Clock out of the noise and grime for a day, or longer, and ‘clough’ in at one of rural Ireland’s most interesting small towns!
Set in the beautiful, rolling countryside of North Tipperary, yet just over a hundred minutes from Dublin by train, Cloughjordan is a world away from the stress and strain of modern urban Irish life.
Any weekday, you can take a morning train from Dublin and get to Cloughjordan in plenty time for elevenses (visit ‘getting here’ for times, details and alternatives) then in any order you want ….
Visit the new Thomas MacDonagh Heritage Centre where the Cloughjordan-born patriot is honoured. The heritage centre is a modern purpose-built museum and library with occasional exhibitions on a range of heritage related subjects. Open 12-4pm every day except Monday. Read about Thomas MacDonagh here or visit www.macdonaghheritage.ie.
Explore the treasures for sale in the ‘Sheelagh na Gig’ bookshop, enjoy the best coffee and cake in the county and check out the music, jewellery and books.
Visit Ireland’s first ecovillage, with many different kinds of eco-friendly houses being built and some already finished construction. (Tours every Saturday and Sunday – check thevillage.ie for details)
Enjoy a snack from Murphy’s or Austin’s or Gulan Kebbana & Pizza Bar.
Call in to the Makery on Main Street and see whats going on there today.
Have a pint and a sandwich in the Railway Bar or the Clough Inn.
Buy a present for someone you love in Thomas Wollen’s Ceramic Studio – there’s something for every taste in his beautiful, witty creations.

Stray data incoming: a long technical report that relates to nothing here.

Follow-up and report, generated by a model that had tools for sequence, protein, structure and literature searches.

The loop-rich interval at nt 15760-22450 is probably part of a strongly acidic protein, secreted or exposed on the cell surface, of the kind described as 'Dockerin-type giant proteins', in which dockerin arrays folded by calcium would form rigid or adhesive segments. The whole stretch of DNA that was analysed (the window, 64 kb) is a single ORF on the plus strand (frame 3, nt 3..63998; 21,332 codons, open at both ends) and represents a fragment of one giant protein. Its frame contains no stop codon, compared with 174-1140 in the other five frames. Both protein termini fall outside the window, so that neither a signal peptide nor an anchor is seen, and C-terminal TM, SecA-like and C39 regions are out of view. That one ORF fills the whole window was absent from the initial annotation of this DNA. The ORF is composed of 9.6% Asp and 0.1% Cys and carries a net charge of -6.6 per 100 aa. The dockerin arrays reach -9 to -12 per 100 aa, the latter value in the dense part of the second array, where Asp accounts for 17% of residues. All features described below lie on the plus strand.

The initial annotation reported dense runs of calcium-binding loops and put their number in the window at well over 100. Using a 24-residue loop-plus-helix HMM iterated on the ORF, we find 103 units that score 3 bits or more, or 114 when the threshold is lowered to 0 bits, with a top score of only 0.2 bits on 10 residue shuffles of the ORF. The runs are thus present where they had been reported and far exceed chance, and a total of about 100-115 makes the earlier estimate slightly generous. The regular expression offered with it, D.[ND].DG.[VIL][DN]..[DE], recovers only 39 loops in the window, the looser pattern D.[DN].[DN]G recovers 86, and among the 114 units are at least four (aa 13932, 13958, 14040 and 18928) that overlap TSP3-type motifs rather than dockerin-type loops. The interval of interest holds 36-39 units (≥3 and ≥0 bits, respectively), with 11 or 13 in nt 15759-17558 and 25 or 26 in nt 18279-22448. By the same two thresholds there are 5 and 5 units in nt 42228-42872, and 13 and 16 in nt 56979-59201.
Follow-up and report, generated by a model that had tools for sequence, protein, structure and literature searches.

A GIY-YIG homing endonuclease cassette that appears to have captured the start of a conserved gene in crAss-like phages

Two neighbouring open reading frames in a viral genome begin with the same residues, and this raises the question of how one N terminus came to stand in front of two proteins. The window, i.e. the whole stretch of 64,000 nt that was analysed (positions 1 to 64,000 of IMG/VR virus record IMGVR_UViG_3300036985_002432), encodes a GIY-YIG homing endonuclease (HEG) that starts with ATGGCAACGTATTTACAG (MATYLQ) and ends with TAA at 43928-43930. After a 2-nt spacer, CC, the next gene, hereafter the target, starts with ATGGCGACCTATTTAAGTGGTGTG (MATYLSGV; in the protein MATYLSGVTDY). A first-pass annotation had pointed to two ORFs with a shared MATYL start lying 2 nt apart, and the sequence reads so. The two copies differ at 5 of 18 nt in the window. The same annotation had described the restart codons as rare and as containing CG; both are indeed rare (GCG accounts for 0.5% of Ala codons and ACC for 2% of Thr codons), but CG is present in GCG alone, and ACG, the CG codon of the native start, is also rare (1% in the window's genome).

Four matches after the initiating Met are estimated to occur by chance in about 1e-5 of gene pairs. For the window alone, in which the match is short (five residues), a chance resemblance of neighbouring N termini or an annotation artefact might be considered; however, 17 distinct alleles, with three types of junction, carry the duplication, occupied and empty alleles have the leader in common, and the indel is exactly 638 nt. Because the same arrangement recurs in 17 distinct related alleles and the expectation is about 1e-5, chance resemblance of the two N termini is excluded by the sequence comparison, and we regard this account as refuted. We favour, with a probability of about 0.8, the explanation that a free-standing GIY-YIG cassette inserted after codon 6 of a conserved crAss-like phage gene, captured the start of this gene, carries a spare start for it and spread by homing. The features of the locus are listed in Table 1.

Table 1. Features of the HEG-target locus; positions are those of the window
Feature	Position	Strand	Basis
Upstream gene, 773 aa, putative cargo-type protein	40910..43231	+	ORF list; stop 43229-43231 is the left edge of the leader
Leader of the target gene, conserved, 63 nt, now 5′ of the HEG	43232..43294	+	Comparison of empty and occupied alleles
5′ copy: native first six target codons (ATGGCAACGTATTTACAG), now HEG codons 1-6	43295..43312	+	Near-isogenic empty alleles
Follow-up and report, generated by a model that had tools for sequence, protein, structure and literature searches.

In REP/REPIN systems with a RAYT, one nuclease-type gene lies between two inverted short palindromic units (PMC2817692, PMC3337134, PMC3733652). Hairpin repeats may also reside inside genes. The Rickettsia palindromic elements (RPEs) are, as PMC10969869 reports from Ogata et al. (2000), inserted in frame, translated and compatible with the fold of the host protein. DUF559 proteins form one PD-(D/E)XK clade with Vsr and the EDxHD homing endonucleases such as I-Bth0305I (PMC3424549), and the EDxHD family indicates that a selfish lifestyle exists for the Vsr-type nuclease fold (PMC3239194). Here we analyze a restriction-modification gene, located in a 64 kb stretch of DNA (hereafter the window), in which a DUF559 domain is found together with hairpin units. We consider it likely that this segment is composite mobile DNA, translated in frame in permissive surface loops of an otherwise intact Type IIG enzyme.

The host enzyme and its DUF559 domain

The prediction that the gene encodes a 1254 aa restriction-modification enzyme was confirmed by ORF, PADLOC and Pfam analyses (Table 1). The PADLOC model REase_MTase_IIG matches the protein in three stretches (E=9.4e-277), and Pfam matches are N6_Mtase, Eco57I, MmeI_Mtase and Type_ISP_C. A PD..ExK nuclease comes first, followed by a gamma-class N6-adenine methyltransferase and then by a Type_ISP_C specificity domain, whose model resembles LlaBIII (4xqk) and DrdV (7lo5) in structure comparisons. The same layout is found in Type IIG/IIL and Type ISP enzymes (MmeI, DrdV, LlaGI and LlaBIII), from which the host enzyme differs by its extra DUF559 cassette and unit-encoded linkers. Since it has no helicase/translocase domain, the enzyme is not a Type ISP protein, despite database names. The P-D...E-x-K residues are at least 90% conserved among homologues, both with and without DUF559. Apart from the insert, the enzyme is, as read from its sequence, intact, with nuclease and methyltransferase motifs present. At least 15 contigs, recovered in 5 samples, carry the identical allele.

Visit artist Mary Pickering’s studio and look over her wonderful paintings and prints (see www.marypickering.ie)
Browse around ‘Stuff Antiques’ for a while – you might spot a bargain.
Take home a steak reared locally by Charlie Williams, a butcher with his own abattoir.
Take a stroll in Knockanacree Wood along specially designed routes suitable for all.
Visit Ireland’s first Community-supported farm (tours every Saturday – booking essential – see www.cloughjordancommunityfarm.ie)
Call to the Catholic Church of SS Michael and John to admire the classic Harry Clarke stained glass windows and avail of a rare chance to compare them to windows by Evie Hone who was influenced by him.
Change your mind and stay the night! Django’s Hostel (See www.djangoshostel.com or contact Pa at 087-2569348) is at the entrance to the Eco-village while bed and breakfast is also available in Cloughjordan House on the Step Road, (see www.sarahbaker.ie or contact Sarah Baker at 087-9690824) and in Courtyard Antiques on the Borrisokane Road (Contact Dawn O’Sullivan at 086-2689499).
Two other pubs are worth a visit Grace’s Bar & Snug, and Malone’s Corner House, if you fancy a drink.
If you really have to leave you can catch the train home at tea time – do please travel by train if you can – and do your bit to keep our rail line open.
Cloughjordan is a typical small town in the peaceful heart of Ireland. Surrounded by signs of ancient settlements, the rich land has attracted humans for millennia.
In the middle of lush limestone countryside, there are signs everywhere here of the importance of horse breeding and training alongside everyday agricultural activity. Signs too of the people of Cloughjordan’s interest and enthusiam for sports.
From above the town, overlooking the Knockanacree beech woods a panorama of green fields and brown bogs stretches from the distant Shannon river to the Slieve Bloom mountains and south to the Silvermines
Cloughjordan is steeped in history and its modern cultural diversity has been molded in the crucible of the past. The town has played a significant part in the shaping of the modern Irish State, being the birthplace of Thomas MacDonagh, a famous Irish revolutionary.
Cloughjordan is home to Ireland`s first `Eco-Neighbourhood`development.
So whether visitor or local, looking for information or trade, have a look around Cloughjordan’s own website and see why this town in middle country has a lot to offer.